What does a lockdown look like? How other major cities are dealing with coronavirus

As the coronavirus situation and response in the UK changes day-by-day, there's plenty of talk that it's all leading to a nationwide lockdown.

For the moment, Britons can shop for food at the supermarket, grab a takeaway coffee from a cafe, or go out for a walk in the park - so long as you stick to government guidelines on social distancing.

But around the world, more than 1.5 billion people - more than one fifth of the world's population, have been asked to stay at home to prevent the spread of coronavirus.

Overall, more than 350,000 people worldwide have been infected, and 15,000 have died from the virus.

Here's what a formal 'lockdown' looks like in other countries.


An empty piazza in Rome. Credit: AP

Italy, one of the worst-hit countries - broadened its lockdown measures on Sunday, after the country's death toll rose past 5,000.

All factories not producing essential goods are now closed, in addition to schools, bars, restaurants, retail shops, and much more.

Italians are banned from moving across municipalities - with exceptions for 'urgent matters' - and must provide documentation to police when they leave their house, stating where they are going out and why.

Several Italian mayors have gone viral on social media after posting clips railing against those leaving their homes.

One mayor filmed himself walking around empty streets yelling at pedestrians to get back inside.

Even the Vatican has barred pilgrims from attending next month's Holy Week celebrations.

Supermarket, pharmacies, public transport, banks and post offices will remain open, and all jobs and activities related to food distribution and essential public services will continue.

But after two weeks of lockdown, Italians seem to have found plenty of ways to keep themselves entertained.


Parisians must provide documentation to justify leaving their residence. Credit: AP

France has introduced measures similar to Italy, and requires citizens to produce 'attestations' - signed documents - to declare why they are leaving their home.

Restaurants, cafes, bars, cinemas, nightclubs, and tourist landmarks such as the Eiffel Tower as closed, with only 'essential' businesses permitted to run.

The French can still go to the supermarket, the chemist, banks, tobacco shops and petrol stations, and can exercise, but only by themselves.

Those caught defying the rules will face a fine of up to 3,700 euros (£3,460) and repeat offenders could be sentenced to six months in prison.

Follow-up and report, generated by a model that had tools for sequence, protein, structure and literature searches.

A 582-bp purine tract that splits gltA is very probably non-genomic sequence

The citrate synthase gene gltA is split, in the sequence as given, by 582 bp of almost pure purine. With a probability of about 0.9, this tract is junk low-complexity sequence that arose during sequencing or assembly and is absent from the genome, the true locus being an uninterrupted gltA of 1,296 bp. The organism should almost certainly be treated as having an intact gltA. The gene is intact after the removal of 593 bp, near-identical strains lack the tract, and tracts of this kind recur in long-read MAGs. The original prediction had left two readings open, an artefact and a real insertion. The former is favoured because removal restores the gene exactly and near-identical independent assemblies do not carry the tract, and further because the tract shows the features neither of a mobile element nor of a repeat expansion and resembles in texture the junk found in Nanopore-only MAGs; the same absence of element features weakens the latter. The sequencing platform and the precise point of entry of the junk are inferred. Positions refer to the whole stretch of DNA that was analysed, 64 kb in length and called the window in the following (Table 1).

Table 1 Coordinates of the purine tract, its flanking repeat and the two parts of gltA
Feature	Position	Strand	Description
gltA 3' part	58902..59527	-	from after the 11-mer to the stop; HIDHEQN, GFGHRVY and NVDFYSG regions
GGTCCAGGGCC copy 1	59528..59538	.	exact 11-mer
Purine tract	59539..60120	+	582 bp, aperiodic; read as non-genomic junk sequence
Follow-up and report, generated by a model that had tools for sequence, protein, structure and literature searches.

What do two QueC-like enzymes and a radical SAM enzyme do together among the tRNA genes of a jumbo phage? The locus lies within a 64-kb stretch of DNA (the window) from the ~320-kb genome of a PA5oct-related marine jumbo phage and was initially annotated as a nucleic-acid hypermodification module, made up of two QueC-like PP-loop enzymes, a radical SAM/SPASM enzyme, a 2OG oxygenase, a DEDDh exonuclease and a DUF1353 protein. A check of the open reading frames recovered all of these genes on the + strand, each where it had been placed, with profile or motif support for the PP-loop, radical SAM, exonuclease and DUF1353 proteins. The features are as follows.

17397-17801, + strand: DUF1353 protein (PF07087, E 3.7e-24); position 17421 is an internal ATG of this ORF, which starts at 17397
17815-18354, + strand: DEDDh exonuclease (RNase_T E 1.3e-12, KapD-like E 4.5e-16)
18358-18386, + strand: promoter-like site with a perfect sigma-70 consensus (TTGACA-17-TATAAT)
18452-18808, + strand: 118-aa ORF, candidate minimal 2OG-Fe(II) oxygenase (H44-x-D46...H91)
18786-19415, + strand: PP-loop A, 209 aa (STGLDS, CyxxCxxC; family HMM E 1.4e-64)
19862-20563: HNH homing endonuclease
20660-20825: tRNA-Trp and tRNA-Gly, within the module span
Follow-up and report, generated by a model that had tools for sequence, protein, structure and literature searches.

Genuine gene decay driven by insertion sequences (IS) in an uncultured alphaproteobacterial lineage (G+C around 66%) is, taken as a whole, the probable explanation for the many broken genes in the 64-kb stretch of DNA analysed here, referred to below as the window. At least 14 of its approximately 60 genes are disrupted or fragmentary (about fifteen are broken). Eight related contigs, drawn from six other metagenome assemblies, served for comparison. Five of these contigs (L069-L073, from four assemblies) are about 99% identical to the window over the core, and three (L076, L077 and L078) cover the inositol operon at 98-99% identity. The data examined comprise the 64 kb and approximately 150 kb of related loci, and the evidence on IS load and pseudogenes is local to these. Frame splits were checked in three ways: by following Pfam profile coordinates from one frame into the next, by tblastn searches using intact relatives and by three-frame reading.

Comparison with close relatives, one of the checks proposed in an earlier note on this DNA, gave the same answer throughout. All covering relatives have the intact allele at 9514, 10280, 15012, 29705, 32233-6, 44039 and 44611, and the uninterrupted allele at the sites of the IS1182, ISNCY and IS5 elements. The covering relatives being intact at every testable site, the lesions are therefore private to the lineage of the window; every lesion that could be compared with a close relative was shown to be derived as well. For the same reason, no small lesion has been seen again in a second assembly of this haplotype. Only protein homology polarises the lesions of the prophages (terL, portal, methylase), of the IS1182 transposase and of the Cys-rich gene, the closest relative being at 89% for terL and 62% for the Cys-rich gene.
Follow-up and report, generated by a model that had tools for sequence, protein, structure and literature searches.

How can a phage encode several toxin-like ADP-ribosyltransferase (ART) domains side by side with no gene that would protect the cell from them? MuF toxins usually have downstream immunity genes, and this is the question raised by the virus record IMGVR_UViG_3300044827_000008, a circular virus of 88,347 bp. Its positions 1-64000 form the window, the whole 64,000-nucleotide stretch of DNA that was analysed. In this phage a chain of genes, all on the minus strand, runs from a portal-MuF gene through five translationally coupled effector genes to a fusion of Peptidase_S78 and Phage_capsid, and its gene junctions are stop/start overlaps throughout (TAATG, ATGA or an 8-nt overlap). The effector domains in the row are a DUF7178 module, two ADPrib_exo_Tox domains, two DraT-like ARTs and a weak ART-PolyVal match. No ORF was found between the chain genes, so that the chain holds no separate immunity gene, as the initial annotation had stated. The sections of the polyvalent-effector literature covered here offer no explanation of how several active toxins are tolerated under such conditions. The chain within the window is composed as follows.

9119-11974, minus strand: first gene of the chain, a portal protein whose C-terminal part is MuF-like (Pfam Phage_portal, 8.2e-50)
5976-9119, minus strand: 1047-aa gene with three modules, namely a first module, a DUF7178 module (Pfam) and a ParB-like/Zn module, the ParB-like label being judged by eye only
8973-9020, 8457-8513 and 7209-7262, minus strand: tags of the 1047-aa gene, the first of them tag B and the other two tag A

The United States

Governor Andrew Cuomo ordered New York into lockdown from March 22. Credit: AP

More than 100 million Americans have now been ordered to stay at home, after Louisiana, Ohio, Delaware and the city of Philadelphia joined California, New York, Connecticut, California and New Jersey in state lockdowns.

The US Senate is trying to push through a $2 trillion nationwide bill to fight the spread of the virus by propping up affected business and bring relief to households, but partisan fighting has delayed it.

New York Mayor Bill de Blasio told residents they could get out and about for a 'minimum' of exercise, but would have to go back inside soon after.

He warned they would "enforce this new reality".


Germany has reported a slight 'flattening' of its infection curve, but is still enforcing strict measures to keep the positive trend going.

The country has banned public gatherings of more than two people, unless they live in the same household, and expanded its list of closed businesses to include hair, beauty and massage studios.

Restaurants are closed but can still prepare and deliver takeaway to customers. The measures will continue for at least the next two weeks.

Chancellor Angela Merkel announced Monday she would be quarantining herself after her doctor tested positive to Covid-19, but she has since tested negative for coronavirus.


New cases of coronavirus in China have ebbed. Credit: AP

China, the original epicentre of the coronavirus, has seen its new number of infections flatten compared to the spikes in Europe and the United States.

The two-month lockdown in Wuhan - the city where the virus first appeared in December last year - has been relaxed by authorities.

Residents are still being told to stay inside, but can now leave their homes to buy food and walk around the streets.

They can even return to work if they can prove they don't have a temperature, and have a certificate from their employer.

Coronavirus: Everything you need to know